Another moment of truth. How old should a great-aunt be? I mean, a Really Great Aunt?
Over the Great Aunt Hill
[This piece is dedicated to four generations of Davis, Klein and Gottlieb women.]
I've just become a great aunt. So I guess that means I'm old. I can pretend that great refers to my being a vital, remarkable, noteworthy, prominent, distinguished aunt rather than a second generation one, but the unbelievable fact is, my big sister--only a few years my senior--is now a grandmother.
I can't stop thinking about it. My sister, the grandmother.
It doesn't roll off the tongue like "my son, the folksinger" or "my mother, the car" or even, "my therapist, the punk rocker."
This grandmother is the sister with whom I negotiated an invisible line across our shared bedroom to designate her airspace from mine. Neither of us could stick our heads over it and draw a breath, or we'd be in violation of a written agreement that could have gotten Henry Kissinger's approval. It's the same sister who once threatened to sell me to the Fuller Brush man if I didn't trade Barbie heads with her. She wanted the updated "bubble" hairstyle and I was stuck with the less fashionable ponytail. (I, of course, got the last laugh because mine is currently worth close to three million.)
The Historic News
The historic news about my niece's baby came too late in the workday to send an e-mail announcement to all 800 of my colleagues and expect to receive at least 799 congratulatory replies. Yet I needed immediate recognition. At 5 p.m. sharp, I rushed out to my car and taped a computer-generated flyer to the rear window that said: Honk If You Love A Great Aunt.
The drive home was, I'm sorry to report, uneventful.
I swallowed my disappointment and greeted my younger son by saying, "Your first cousin had her baby, which means I'm a great aunt!"
His face lit up and he said in a hopeful tone, "Am I an uncle now?"
It's times like these when parents have to make the tough choices. Should I tell him Yes, figuring that he won't know the difference, and if it tickles him to think he's an uncle, why not? Then I remembered that we don't live in a vacuum--and don't use one often enough either, but that's another story. In particular, he doesn't live without an older brother, who he is constantly measuring himself against. I understand completely: my big sister was the salutatorian of her high school class and could spell antidisestablishmentarianism before her third birthday.
If I affirmed his status as an uncle, the first thing my son would do is run, not walk, to Big Brother and declare, "Guess what? I'm an uncle!"
Not an Uncle
Predictably, brother will hit the pause button on his portable CD player, smugly say, "No you're not--I don't have any kids yet. That's the only way for you to be an uncle," and then resume listening to the music.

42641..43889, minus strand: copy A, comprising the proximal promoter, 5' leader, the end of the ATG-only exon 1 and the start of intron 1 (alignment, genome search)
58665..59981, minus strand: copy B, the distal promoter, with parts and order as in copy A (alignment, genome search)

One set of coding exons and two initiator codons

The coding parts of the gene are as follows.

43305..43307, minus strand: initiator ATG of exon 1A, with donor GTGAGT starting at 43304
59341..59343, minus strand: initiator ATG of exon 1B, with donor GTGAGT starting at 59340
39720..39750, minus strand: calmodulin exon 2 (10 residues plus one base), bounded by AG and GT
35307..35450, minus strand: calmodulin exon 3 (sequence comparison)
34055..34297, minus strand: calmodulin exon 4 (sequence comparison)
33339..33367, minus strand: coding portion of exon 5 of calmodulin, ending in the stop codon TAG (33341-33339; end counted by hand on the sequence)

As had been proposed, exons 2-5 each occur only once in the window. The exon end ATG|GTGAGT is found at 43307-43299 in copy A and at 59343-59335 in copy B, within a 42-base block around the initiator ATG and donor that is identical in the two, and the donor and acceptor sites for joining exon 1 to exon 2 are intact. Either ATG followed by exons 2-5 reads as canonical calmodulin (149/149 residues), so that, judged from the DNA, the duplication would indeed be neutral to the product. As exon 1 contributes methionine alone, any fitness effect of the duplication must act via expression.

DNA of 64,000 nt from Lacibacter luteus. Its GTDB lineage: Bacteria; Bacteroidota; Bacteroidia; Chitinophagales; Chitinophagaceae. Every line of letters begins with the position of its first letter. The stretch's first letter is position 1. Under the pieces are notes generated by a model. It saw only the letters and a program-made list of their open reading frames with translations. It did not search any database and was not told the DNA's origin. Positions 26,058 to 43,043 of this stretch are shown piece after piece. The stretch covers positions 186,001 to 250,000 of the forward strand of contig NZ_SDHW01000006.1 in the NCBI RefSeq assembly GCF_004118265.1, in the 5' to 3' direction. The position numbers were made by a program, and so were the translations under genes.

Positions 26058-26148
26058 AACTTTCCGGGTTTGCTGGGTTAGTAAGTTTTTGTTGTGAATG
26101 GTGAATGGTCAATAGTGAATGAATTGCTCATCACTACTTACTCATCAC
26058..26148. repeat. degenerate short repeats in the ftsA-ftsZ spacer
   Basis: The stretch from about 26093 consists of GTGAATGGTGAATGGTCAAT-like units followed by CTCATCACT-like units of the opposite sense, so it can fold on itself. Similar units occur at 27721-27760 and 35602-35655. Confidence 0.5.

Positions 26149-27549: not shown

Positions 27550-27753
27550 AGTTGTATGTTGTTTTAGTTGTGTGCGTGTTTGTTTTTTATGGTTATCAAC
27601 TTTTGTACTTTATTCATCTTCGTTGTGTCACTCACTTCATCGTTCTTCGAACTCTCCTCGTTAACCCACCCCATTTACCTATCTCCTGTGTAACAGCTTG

"Yes, I am an uncle," he'll retort, "Mom said!"
The discussion will deteriorate until small but not insignificant pieces of furniture are being flung across the room and parental intervention is required. My older son will scold me for making false statements, causing him to lose a precious minute of listening to the latest Britney Spears song, and my younger son will hate me for having misled him, not appreciating that it was for the sake of his happiness. He'll never trust my word again. I might as well put myself on eBay for Mom adoption. But I don't know how many bids will come in because who would want an old Mom like me?
More Sibling Rivalry
Despite my initial excitement, it took every last ounce of maturity not to phone my sister and accuse her of robbing the cradle by making me a great aunt before my time. After all, I couldn't really blame my sweet niece for having a baby. As I always say: when in doubt, sibling rivalry rules.
In an attempt to resolve my confusion, I arrived at one of the great enigmas of modern life: being a grandmother is "in"; being a great aunt is "out." Which sister becomes which, and at what age, is merely a matter of numbers. My sister was only 28 when her first child was born. This is the child who, at 22, has just given birth, but please resist the urge to add these two figures because Grandma may not want everyone to know her exact age. I was 34 when motherhood hit. Extrapolating from there, with any luck I'll be a cool 68 before I'm a grandmother.
And if things get any worse between my sons, they might both decide to remain childless forever.
When in Doubt, Make a Bulleted List
I lay in bed that first night and ran through a mental checklist of qualities I could recall among my great aunts, rating myself point by point.
- They were old.....No check.
- They had stylishly coifed hair.....Nope.
- Their makeup was tasteful.....Subjective, but checked anyway.
- They were dignified.....Forget it.
- Given half a chance, they were quick to pull photos of their grandchildren out of their wallets.....Ouch.
Clearly I didn't make the grade.
The media is filled with slogans designed to present a positive image of aging to women. You're not getting older, you're getting better. You've come a long way, baby. Look years younger by getting a face lift at our state-of-the-art, drive-through surgical facility. So what's my problem?
Miracle cosmetics and pharmaceuticals aside, the fact remains that each year I get older, just like everyone else (except Dick Clark and Jane Fonda.) My kids have outgrown diapers; they can even tie their own shoes--for very special occasions or when offered a suitable bribe. My sister is a grandma and, despite failing my own checklist, I'm a great aunt. If a healthy chunk of age-related milestones are as great as these, I think I'll be okay.
Meanwhile, I'm going to enroll in charm school, majoring in dignity and stylishly coifed hair.